Let’s say you’re trying to determine how many units of your widget you need to produce and sell to break even. 

Again, here’s what we know about your business:

  • Fixed costs of running your business: $20,000 per quarter
  • Unit variable cost: $10
  • Proposed unit price per unit sold: $30

1. Plug your data into the break-even point in units formula

Remember, the formula for the break-even point in units is:

Break-even point (units) = fixed costs ÷ (sales price per unit – total variable costs per unit)

In this scenario, we’ll calculate the following:

Break-even point (units) = $20,000 ÷ ($30 – $10)

2. Compare results to your forecasted sales 

According to the above formula, you’ll need to generate and sell 1,000 units to break even. Any more than that will generate profit. How does that compare to your total sales forecast? If the units sold to break even is greater than your forecasted sales volume, you may want to:

  • Increase your level of sales
  • Increase your unit production by increasing direct labor

Tips for lowering the break-even point 

When analyzing your break-even point, not only do you want to see that your business is breaking even, you’re looking to make sure your business is profitable as well. Here are a few ways to lower your break-even point and increase your profit margin.

3 tips for lowering the break-even point

Increase product prices

If you won’t be able to reach the break-even point based on your current price, you may want to increase it. Increasing the sales price of your items may seem like an impossible task. Does the product have that type of demand? Will the financial risk be worth the possible gain? For many businesses, the answer to both of these questions is yes. 

By raising your sales price, you're in turn raising the contribution price of each unit and lowering the number of units needed to break even. With less units to sell, you lower that financial risk and instantly boost your cash flow.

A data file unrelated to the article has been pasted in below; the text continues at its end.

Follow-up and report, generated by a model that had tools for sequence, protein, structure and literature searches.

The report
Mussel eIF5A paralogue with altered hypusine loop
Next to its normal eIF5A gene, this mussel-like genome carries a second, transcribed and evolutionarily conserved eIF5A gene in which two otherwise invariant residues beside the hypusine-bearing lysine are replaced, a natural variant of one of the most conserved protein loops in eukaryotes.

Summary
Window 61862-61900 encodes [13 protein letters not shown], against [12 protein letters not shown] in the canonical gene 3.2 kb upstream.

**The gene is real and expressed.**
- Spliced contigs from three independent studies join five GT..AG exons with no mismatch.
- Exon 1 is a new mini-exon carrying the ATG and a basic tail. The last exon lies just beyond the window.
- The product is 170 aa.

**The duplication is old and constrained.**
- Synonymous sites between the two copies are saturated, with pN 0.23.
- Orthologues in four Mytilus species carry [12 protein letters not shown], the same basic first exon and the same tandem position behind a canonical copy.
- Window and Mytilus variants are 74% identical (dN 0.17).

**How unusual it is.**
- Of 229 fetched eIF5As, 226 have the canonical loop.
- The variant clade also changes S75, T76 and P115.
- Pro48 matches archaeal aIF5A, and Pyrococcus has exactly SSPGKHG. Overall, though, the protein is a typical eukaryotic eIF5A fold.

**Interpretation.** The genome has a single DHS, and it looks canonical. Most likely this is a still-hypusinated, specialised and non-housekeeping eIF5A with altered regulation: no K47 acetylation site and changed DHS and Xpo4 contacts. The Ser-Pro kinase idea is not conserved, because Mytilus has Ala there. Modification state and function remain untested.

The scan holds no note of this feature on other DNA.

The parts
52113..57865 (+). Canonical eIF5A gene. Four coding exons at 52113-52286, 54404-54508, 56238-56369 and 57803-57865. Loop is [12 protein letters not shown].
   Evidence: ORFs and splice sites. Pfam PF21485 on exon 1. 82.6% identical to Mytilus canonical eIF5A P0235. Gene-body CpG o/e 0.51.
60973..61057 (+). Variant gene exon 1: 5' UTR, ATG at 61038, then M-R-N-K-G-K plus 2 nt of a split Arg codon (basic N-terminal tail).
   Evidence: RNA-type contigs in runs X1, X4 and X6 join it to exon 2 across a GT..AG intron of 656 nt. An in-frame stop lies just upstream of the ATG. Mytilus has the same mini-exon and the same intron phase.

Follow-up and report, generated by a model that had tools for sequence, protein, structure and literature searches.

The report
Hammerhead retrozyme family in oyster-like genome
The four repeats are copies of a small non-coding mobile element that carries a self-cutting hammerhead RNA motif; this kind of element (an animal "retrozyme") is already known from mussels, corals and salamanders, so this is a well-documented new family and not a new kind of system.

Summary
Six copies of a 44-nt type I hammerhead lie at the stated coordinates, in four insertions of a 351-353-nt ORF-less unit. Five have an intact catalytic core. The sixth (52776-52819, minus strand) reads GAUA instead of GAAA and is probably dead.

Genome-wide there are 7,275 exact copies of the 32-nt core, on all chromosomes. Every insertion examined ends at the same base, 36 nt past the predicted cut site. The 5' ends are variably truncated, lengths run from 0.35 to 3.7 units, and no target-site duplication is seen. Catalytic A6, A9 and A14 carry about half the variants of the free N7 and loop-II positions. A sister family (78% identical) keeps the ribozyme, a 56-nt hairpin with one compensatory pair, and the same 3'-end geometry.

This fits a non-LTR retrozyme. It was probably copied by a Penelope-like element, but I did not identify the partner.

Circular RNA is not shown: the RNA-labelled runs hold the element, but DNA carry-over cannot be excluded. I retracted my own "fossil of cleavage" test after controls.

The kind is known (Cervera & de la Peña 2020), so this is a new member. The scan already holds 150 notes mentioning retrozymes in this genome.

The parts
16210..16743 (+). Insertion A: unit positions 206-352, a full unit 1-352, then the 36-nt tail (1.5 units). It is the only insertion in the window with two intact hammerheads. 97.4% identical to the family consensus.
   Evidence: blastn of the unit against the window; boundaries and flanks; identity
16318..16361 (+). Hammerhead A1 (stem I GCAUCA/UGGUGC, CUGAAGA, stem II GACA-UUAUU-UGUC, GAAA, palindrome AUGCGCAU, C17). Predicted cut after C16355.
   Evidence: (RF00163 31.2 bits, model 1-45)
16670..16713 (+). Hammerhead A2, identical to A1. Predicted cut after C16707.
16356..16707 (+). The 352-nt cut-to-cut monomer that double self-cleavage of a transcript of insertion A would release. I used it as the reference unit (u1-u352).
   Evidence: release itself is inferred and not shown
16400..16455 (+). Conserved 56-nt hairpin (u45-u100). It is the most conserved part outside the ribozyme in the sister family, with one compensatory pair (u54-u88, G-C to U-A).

Outsource fixed costs 

When you outsource fixed costs, these costs are turned into variable costs. Variable costs are incurred only when a sale is made, meaning you only pay for what you need. Outsourcing these nonessential costs will lower your profit margin and require you to sell fewer products to make a profit. 

Fixed costs that can be outsourced include: 

  • Administrative work 
  • Developers or designers 
  • Manufacturers 
  • Salespeople 

Reduce variable costs 

By reducing variable costs, or direct costs associated with the product, you’re increasing the contribution margin of your sales and the margin of safety of your business. A major way to reduce these costs is to redesign your product with less expensive materials. However, reducing variable costs doesn’t have to mean reinventing the wheel. 

A few simple ways you can reduce your variable costs are: 

  • Redesigning the product with different materials
  • Removing unnecessary production supplies
  • Reducing production time 
  • Lowering overall labor costs

Don’t leave your profitability to chance

As a small business owner, there are risks you take every day. Break-even analysis is an important way to help calculate the risks involved in your endeavor and determine whether they’re worthwhile before you invest in the process.

If you’re looking for other small business tips and accounting tools, we’re here to help. QuickBooks can assist with tasks from bookkeeping and payroll to inventory analysis and profitability. Contact us today to discover what QuickBooks can do to help you with all of your small business accounting needs.